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The future of digital trading and distribution

(Re)thinking Insurance: Season 3 Episode 14

October 30, 2023

Charlie Samolczyk is joined by Louise Smith and Taffy Jo Mayers for the next instalment of Talking Technology.
Insurance Consulting and Technology

In this episode of Talking Tech, part of the Rethinking Insurance podcast, our host Charlie Samolczyk is joined by Louise Smith and Taffy Jo Mayers to discuss the future of digital trading and distribution.

The future of digital trading and distribution

Transcript for this episode:

The future of digital trading and distribution

LOU SMITH: What automation of digital and data has been able to do is power conversations.

SPEAKER: You're listening to (Re)thinking Insurance, a podcast series from WTW, where we discuss the issues facing P&C, life, and composite insurers around the globe, as well as exploring the latest tools, techniques, and innovations that will help you rethink insurance.

CHARLIE SAMOLCZYK: Hello, and welcome to Talking Technology. I'm your host Charlie Samolczyk, and in Talking Technology, we explore the wide range of technology issues facing insurers, from AI and data science, through to open source solutions and cybersecurity. And we look at how we are helping our clients to tackle these issues.

In today's episode, we will be discussing the future of digital trading and distribution. And I am really pleased to be joined today by two of my colleagues, Taffy Jo Mayers, who leads our global commercial lines proposition. Welcome, Taffy Jo.


CHARLIE SAMOLCZYK: And Lou Smith, who is our global digital leader and who heads up our digital trading platform Neuron, which is getting a lot of buzz at the moment. So, thank you both for joining, and welcome, Lou.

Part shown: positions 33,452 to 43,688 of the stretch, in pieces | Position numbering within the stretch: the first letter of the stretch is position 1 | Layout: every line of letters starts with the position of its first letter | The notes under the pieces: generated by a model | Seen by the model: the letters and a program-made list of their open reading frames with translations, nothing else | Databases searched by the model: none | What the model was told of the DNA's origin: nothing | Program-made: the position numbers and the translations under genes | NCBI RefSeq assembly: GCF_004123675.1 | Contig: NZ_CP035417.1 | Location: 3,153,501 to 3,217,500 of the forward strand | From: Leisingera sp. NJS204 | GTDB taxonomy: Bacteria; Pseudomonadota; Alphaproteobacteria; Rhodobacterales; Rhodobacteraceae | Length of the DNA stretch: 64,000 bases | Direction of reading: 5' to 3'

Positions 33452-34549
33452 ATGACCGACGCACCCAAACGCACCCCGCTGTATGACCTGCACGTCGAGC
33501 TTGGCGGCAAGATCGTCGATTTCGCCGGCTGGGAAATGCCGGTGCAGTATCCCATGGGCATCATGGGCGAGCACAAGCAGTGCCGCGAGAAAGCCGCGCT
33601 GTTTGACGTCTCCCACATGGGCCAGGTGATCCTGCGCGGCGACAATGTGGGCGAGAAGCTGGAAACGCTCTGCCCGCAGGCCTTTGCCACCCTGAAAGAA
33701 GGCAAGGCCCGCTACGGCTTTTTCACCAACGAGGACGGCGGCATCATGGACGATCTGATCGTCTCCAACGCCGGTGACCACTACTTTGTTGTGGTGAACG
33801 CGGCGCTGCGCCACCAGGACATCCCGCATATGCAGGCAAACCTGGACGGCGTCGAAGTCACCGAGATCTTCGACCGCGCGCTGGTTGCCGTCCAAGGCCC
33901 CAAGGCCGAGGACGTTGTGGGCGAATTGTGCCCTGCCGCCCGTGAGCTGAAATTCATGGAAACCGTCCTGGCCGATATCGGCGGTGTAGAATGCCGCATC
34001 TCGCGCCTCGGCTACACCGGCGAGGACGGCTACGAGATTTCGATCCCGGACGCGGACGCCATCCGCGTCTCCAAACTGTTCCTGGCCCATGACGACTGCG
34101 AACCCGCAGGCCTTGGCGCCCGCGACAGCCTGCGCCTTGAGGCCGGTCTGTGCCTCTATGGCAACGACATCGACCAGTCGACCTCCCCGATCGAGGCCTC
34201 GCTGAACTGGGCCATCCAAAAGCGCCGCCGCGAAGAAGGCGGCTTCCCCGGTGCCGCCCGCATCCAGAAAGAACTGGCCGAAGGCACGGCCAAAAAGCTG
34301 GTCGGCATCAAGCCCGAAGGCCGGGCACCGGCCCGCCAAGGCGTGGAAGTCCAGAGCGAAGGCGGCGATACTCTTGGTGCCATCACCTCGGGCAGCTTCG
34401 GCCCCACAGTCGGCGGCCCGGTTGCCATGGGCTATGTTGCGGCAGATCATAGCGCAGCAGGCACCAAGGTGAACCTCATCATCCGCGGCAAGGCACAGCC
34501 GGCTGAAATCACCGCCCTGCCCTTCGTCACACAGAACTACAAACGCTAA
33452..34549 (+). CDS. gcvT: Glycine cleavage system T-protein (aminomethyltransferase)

LOU SMITH: Thank you. Great to be here.

CHARLIE SAMOLCZYK: Both of you guys have really interesting backgrounds. And I see you both as strategic innovative thought leaders within the insurance space. And perhaps as a bit of an icebreaker… my question to you both is, is this what you always wanted to do? And if it was, congratulations, because that's a lot of planning. But if it wasn't, if you could have a time machine and you go back to ‘you’re a person when you were eight years old’ and I asked you that question “what do you want to be when you grow up” how would you answer that? And maybe Taffy Jo, I'll start with you.

TAFFY JO MAYERS: Well, I did not dream as a little girl, I didn't grow up and dream about growing up and being in the insurance industry. I did, however, study risk management insurance at the university level. And really because I took one class to fill my obligations to be a full-time student, fell in love with the concept of risk management. And it has been a wonderful career.

And as I talk to friends and family now about it, they're like, this is what you were meant to do. For your entire life, you were identifying risk and ways around it. So, congratulations, you found your way. But no, growing up, this was not my aspiration. My aspiration, in fact, was actually to be in government.


LOU SMITH: Never heard that before, Taffy Jo.

TAFFY JO MAYERS: It's a long story, Lou. We'll talk about that in our next catchup!